Can copper or brass be gold vermeil?
As mentioned before, vermeil is a term only for items which have sterling silver as the base metal. The method was created to bond these two precious metals. Gold plated brass or copper are not vermeil jewellery.
Having said that, brass or copper can be gold filled or rolled gold. This means that just like vermeil, brass and copper will be plated in a very thick layer of gold, at least 5%. This holds value, and gold filled pieces are often stamped. The stamp of such a piece can look like this: 18/20 GF (there are other variations, depending on the gold karat). This means that 5% – or the 20th part – of the overall metal is gold, and it is rolled or filled with 18K gold like a sandwich, the inside of which is base metal.
Sometimes marketeers call gold plated brass or copper jewellery demi fine or semi fine jewellery, as these pieces can often feature semi previous or even precious gemstones. The jewellery jury is out on this term. When the plating washes away, these tend to move towards costume jewellery territory as only base metals are left, making the piece undesirable unless re-plated. In theory, gold filled jewellery could be called demi or semi fine as it is much longer lasting, and does tend to hold value. Find out more about the difference between costume and fine jewellery here.
Is gold vermeil the same as gold jewellery?
That’s a very loaded question. But a fair one, because you need to understand what you’re buying. Vermeil jewellery is not pure gold jewellery. It is silver plated with gold. If you want to know more about pure gold, read my deep dive into gold jewellery here.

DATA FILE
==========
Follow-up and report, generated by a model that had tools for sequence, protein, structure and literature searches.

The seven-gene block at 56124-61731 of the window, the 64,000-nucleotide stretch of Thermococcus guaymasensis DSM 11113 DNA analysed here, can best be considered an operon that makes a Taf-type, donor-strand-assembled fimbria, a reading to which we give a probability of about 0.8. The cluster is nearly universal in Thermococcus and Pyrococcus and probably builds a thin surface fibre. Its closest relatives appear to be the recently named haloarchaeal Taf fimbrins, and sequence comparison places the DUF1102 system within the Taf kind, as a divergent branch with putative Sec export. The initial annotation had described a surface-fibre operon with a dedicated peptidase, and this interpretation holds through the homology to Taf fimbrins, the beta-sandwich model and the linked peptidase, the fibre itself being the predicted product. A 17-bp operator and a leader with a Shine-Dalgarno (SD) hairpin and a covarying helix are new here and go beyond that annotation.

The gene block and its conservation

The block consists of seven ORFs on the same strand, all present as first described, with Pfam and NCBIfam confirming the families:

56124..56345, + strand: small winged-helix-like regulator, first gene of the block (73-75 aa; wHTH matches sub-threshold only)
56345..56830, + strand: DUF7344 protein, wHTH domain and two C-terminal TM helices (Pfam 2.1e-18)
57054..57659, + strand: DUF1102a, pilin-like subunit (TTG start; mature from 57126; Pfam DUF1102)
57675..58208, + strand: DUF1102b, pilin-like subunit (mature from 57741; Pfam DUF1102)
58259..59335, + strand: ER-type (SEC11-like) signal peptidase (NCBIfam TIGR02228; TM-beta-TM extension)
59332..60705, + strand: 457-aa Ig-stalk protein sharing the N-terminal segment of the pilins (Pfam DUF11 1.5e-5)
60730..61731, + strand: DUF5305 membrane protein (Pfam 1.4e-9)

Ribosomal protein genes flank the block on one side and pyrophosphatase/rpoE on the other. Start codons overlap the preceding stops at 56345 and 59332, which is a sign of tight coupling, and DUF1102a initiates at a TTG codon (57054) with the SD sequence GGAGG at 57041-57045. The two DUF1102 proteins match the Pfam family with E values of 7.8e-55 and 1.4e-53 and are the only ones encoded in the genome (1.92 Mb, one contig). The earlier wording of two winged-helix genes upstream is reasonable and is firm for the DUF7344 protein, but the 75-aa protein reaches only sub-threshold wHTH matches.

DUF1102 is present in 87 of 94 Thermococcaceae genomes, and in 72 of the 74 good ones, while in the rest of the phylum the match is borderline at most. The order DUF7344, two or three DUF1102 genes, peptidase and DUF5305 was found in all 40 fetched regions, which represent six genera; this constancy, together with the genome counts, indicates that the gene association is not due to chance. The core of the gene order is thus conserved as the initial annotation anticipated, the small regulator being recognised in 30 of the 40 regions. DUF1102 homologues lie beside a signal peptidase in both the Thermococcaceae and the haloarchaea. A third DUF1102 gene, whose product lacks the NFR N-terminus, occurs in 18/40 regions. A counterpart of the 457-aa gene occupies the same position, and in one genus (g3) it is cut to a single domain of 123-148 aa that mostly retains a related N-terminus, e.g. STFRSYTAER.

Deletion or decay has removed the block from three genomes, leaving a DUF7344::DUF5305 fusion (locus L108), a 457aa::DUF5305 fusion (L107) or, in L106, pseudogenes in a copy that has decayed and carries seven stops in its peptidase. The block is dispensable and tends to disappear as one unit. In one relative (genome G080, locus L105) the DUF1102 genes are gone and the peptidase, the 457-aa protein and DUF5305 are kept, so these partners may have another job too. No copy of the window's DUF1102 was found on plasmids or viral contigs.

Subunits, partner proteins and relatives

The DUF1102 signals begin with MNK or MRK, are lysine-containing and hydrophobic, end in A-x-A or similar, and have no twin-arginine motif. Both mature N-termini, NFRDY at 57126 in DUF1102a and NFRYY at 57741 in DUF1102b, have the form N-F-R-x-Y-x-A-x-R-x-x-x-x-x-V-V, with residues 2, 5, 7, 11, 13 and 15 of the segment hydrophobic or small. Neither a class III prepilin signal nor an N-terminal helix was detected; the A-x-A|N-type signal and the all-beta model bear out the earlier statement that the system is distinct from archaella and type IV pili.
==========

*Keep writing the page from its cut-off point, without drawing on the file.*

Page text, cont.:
Vermeil jewellery is attractive because it looks like gold, it wears like gold, and it comes without a super high price tag that’s often associated with gold. Of course, do bear in mind that it is still not costume jewellery, and vermeil is made of precious metals, so it’s not exactly cheap.
How do I know I am buying vermeil jewellery, and not gold or gold plated?
The key giveaway that a piece may be vermeil rather than gold is the stamp. Vermeil is stamped 925 as sterling silver, while gold is stamped based on its karat – for example 9k, 10k, 14k, 18k, 22k or 24k (or their equivalents in X/1000 – for example 375, which stands for 9k). As discussed above, gold filled pieces may also come with stamps.